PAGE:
The mother of a 22-year-old man who was fatally shot in 2017 blames the mother of the convicted killer for providing him with the weapon he used to shoot the victim, a lawsuit shows.

In the complaint, Christina Arvizu also claims that Janice Wilson knew her son was going to use the gun on J.D. Arvizu.

“Defendant Janice Wilson had knowledge that Roger Wilson intended to use the firearm to harm others, including Mr. Arvizu,” the lawsuit states.

Arvizu filed the complaint in June 2019, two years after her son was murdered by Wilson’s son, Roger Wilson. Currently, the civil case is winding its way through Cochise County Superior Court and is being handled by Cochise County Superior Court Judge Terry Bannon.

On Tuesday in a conference call with Bannon and Arvizu’s attorney, Randolph Wolfson, Wilson said she filed a motion for summary judgment in the matter. Wilson is representing herself in the case.

“I believe this is a frivolous lawsuit,” Wilson said Tuesday afternoon.

The complaint states that Wilson is in violation of an Arizona law that prohibits a convicted felon from possessing a firearm, as well as statutes that address misconduct involving weapons and “facilitation.” The latter — Arizona Revised Statute 13-1004 — says: “A person commits facilitation if, acting with knowledge that another person is committing or intends to commit an offense, the person knowingly provides the other person with means or opportunity for the commission of the offense.”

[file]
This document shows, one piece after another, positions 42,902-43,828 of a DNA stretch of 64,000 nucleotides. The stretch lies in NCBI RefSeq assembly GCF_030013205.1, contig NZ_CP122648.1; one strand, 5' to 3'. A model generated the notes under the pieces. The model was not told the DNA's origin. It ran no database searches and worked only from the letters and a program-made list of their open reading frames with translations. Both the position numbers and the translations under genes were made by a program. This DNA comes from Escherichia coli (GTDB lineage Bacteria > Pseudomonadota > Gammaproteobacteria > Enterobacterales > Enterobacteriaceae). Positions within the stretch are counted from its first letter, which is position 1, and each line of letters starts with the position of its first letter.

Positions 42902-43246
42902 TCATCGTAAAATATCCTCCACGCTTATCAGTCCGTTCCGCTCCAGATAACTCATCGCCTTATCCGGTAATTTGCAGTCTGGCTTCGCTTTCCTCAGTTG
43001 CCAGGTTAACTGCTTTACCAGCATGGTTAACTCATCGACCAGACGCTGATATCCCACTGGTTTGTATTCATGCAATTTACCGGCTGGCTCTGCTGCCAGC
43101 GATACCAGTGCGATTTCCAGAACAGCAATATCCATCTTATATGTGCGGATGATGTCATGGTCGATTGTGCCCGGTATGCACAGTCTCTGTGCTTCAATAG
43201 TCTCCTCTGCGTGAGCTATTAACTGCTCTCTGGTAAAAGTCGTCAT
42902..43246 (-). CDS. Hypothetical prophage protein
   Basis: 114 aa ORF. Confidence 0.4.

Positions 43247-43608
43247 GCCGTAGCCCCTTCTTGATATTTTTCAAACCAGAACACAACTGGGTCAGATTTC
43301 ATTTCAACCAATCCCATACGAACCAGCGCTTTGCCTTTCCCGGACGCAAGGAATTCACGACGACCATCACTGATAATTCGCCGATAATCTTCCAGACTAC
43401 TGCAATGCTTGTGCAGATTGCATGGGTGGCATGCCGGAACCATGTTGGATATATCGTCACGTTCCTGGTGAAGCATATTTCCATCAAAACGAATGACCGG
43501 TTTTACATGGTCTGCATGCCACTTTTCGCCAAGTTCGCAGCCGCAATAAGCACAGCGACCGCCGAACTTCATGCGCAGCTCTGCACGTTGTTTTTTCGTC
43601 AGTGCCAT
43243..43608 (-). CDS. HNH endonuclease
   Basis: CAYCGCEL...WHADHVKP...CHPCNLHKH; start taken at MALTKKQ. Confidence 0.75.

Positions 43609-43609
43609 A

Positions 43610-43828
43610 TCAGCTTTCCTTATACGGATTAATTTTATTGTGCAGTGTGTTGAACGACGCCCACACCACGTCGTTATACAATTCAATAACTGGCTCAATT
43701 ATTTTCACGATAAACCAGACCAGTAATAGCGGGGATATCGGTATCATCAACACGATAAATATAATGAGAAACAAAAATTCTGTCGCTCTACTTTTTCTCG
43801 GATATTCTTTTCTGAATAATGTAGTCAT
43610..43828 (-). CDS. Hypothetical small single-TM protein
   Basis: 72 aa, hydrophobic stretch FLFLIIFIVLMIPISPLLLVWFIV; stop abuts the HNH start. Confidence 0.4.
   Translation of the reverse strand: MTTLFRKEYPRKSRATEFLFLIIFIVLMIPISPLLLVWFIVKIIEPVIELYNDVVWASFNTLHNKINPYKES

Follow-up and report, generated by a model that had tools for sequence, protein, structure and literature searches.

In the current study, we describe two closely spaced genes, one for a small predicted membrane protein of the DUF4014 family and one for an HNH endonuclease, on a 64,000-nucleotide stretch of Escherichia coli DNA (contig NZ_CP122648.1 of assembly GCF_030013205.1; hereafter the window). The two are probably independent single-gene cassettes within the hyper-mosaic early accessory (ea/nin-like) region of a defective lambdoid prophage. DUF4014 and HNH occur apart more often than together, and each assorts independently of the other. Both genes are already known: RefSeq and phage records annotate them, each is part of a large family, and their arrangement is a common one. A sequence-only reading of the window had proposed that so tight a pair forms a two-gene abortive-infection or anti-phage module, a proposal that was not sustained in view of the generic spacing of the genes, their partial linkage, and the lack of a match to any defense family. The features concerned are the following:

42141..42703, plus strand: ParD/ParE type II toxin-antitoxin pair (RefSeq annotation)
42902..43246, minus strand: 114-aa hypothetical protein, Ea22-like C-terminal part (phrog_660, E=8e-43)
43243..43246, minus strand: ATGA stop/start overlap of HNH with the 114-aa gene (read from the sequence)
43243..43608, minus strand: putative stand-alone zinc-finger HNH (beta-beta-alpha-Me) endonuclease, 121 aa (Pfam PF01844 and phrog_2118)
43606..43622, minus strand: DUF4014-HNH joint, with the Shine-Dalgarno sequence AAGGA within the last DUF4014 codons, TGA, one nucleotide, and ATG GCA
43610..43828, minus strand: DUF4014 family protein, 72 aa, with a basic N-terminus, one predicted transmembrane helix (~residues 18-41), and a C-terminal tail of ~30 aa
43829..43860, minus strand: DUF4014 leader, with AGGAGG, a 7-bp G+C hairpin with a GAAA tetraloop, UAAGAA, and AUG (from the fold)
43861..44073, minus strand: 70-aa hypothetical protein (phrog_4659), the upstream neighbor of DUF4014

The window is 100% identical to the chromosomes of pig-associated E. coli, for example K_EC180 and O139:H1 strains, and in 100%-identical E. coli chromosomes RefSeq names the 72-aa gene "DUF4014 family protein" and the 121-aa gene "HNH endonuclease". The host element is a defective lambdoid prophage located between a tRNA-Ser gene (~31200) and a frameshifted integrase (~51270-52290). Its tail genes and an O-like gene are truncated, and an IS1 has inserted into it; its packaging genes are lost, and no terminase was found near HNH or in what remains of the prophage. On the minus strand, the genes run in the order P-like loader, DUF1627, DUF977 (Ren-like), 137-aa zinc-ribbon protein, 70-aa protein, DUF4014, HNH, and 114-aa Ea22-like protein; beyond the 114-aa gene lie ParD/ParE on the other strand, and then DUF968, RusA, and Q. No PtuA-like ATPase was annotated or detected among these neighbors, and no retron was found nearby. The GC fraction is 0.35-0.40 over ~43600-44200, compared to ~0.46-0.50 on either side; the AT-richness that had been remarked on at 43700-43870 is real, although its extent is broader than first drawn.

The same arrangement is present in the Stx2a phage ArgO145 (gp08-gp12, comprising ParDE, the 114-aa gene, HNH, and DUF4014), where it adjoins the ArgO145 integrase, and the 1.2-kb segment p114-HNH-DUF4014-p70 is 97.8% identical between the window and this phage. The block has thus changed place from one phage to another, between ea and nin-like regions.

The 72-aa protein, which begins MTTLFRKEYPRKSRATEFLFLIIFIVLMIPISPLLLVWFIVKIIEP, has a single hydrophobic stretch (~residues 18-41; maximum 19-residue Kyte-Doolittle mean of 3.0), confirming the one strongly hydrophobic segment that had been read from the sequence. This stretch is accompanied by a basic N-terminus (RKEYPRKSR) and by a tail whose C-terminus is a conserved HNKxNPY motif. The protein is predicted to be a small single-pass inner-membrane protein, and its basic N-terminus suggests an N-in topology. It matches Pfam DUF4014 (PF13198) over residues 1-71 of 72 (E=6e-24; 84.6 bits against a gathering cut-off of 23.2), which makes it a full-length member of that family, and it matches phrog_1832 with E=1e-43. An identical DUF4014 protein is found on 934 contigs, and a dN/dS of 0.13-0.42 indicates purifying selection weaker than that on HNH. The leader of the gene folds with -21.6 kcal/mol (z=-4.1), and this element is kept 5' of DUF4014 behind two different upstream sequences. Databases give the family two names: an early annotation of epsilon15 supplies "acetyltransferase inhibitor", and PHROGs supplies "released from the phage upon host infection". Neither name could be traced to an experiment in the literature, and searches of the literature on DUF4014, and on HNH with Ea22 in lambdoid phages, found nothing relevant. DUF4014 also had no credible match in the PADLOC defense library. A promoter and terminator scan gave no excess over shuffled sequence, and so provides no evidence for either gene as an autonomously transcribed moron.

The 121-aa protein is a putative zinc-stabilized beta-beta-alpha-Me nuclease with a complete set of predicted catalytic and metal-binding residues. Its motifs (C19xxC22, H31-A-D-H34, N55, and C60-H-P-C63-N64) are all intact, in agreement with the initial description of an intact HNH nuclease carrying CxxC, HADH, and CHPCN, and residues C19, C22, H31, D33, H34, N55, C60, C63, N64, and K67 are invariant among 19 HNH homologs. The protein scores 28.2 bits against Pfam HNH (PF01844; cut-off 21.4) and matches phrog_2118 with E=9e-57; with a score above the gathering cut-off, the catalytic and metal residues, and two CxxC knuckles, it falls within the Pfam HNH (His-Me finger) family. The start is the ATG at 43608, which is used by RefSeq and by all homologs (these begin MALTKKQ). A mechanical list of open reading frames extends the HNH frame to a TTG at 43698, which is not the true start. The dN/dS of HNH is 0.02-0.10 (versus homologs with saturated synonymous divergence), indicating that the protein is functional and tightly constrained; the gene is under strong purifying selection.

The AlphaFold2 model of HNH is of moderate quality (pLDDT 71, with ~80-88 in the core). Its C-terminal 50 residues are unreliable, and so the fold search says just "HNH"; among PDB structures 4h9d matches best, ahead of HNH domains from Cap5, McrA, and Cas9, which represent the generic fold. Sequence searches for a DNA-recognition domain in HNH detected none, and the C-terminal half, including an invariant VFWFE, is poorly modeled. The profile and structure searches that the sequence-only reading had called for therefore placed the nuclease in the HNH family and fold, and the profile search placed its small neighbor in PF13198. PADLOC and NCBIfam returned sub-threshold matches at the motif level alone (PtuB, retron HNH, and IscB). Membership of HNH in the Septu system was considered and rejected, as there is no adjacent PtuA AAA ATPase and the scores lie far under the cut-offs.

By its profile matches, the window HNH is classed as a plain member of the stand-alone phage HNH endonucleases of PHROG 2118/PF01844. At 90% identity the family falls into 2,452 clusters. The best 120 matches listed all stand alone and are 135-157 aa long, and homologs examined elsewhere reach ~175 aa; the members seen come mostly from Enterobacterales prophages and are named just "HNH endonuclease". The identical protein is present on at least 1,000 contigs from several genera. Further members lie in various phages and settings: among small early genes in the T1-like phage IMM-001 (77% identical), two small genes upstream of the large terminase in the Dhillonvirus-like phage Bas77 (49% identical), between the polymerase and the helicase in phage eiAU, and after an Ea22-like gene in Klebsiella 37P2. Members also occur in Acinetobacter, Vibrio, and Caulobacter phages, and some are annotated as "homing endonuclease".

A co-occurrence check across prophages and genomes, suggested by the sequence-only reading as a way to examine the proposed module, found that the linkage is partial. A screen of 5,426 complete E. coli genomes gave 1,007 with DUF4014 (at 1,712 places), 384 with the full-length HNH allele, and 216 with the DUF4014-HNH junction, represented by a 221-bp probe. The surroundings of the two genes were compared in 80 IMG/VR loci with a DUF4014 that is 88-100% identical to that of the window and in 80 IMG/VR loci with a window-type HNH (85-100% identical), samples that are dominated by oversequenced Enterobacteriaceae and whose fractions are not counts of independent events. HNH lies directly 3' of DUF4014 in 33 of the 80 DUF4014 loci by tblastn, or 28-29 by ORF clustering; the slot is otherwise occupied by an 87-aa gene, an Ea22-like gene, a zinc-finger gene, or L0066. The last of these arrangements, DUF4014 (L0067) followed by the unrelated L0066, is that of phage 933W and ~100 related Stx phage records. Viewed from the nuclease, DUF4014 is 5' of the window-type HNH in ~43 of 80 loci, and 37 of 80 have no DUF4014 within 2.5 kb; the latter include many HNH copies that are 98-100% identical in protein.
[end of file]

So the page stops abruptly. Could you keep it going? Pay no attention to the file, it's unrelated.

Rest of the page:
Court records show Roger Wilson had pleaded guilty to a charge of disorderly conduct involving a weapon in 2015.

In November, Roger Wilson, 52, was sentenced to life in prison for killing Arvizu. He had been convicted of first degree murder in October after a two-week trial.

It was revealed at trial that Roger Wilson and J.D. Arvizu did not get along, especially since Wilson had repeatedly accused the younger man of stealing from Janice Wilson’s house on Santa Elena Avenue near Sierra Vista. A few days before the killing, the two men had argued about the issue and J.D. Arvizu punched Roger Wilson in the face. Wilson did not strike back, but a witness later testified at trial that Wilson said Arvizu would “get his.”

Wolfson did not return a message left at his office Tuesday. The complaint says his client is seeking “general compensatory damages in an amount to be determined at trial; and special damages in an amount to be proven at trial by jury.

A trial date has not been set in the case.